“As a manager, at times, you feel like you’re the fall guy. You do feel like you’re being pushed out front. Things you thought you might get and might happen don’t materialise.

“You need a really good relationship with the owner at that point to sit down and communicate, thrash things out how you move things forward together.

“I’ve said things like Ben, being honest, and I’ve lost my job. You are putting yourself in a position where people in the media think ‘something isn’t working’. So I wasn’t overly surprised, but I thought it would go on a little bit longer than it did.

“There were some performances where you went ‘that’s exciting and good to watch’. But as we predicted in the studio, that was quite early on, because every team in the country can get hold of footage now at the drop of a hat. They can analyse and work out who your weaknesses and strengths are.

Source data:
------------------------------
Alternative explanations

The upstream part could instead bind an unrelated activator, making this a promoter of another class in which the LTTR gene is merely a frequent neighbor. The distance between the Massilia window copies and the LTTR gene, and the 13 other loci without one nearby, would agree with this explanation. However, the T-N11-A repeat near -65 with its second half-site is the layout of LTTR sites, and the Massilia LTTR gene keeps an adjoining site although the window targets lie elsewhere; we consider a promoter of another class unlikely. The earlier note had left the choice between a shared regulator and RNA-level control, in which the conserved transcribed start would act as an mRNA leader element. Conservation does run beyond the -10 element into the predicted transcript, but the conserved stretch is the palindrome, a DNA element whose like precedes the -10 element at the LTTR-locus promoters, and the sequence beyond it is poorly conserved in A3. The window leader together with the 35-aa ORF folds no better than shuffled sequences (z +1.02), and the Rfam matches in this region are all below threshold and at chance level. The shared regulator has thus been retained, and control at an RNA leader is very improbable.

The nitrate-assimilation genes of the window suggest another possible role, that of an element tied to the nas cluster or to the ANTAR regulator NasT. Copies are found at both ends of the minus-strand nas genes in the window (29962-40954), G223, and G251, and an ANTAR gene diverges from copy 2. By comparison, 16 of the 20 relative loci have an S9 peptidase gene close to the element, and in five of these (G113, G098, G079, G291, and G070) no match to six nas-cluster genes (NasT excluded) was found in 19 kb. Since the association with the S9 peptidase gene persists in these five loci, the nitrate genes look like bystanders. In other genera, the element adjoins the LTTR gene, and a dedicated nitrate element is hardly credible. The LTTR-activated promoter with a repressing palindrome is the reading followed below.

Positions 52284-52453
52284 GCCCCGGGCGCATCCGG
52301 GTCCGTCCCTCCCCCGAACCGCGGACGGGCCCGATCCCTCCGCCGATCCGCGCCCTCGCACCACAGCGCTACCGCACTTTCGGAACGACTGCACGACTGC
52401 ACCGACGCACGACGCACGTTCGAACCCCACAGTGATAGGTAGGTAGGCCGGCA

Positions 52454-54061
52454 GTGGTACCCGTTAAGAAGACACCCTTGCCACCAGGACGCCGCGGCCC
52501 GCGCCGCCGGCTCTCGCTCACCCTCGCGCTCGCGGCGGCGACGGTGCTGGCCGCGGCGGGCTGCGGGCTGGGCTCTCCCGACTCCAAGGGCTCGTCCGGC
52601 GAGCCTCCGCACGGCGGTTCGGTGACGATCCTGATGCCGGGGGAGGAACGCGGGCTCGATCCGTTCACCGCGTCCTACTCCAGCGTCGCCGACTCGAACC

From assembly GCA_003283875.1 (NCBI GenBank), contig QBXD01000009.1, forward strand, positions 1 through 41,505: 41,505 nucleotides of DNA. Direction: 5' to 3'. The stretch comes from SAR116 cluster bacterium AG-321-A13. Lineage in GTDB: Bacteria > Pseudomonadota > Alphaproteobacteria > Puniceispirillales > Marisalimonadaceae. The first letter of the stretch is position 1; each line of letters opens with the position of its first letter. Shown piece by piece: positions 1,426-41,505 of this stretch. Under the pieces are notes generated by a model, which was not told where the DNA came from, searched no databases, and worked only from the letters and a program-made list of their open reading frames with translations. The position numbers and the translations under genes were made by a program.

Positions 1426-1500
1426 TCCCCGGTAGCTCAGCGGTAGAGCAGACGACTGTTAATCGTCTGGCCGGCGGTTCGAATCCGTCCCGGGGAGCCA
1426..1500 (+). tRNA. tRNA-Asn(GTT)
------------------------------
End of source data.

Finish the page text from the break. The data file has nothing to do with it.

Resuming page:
Charlton Athletic v Swansea City PSF, Pre-Season Friendly 2022-23 season , The Valley, 23 July 2022
Picture : Keith Gillard

“As we moved on it felt like teams came and sat back – allowed us to attack them – and got results. We didn’t really adjust our play against those teams. The ones who need to get results – Sheffield Wednesday, Ipswich and Plymouth – it is a different game for them, they need to be on the front foot and win games to maintain gunning for an automatic spot.

“Teams who have no expectation levels – your Port Vales, Cheltenhams, Bristol Rovers and Forest Greens – they can come and sit because they don’t expect to get a result at Charlton away, or even at home. They’ll be patient and we found it hard to beat those sides and invariably lost to them – they soaked up pressure and countered on us.

“We just didn’t have the players, or the savvy, to break those sides down.”

Charlton are expecting to have more than 30 credible applicants for their vacancy.

“There will always be somebody who wants to take the job on, regardless of the situation the club finds itself in – because they’ll believe they can make a difference,” said Brown. who managed Ebbsfleet United, Lewes and Margate.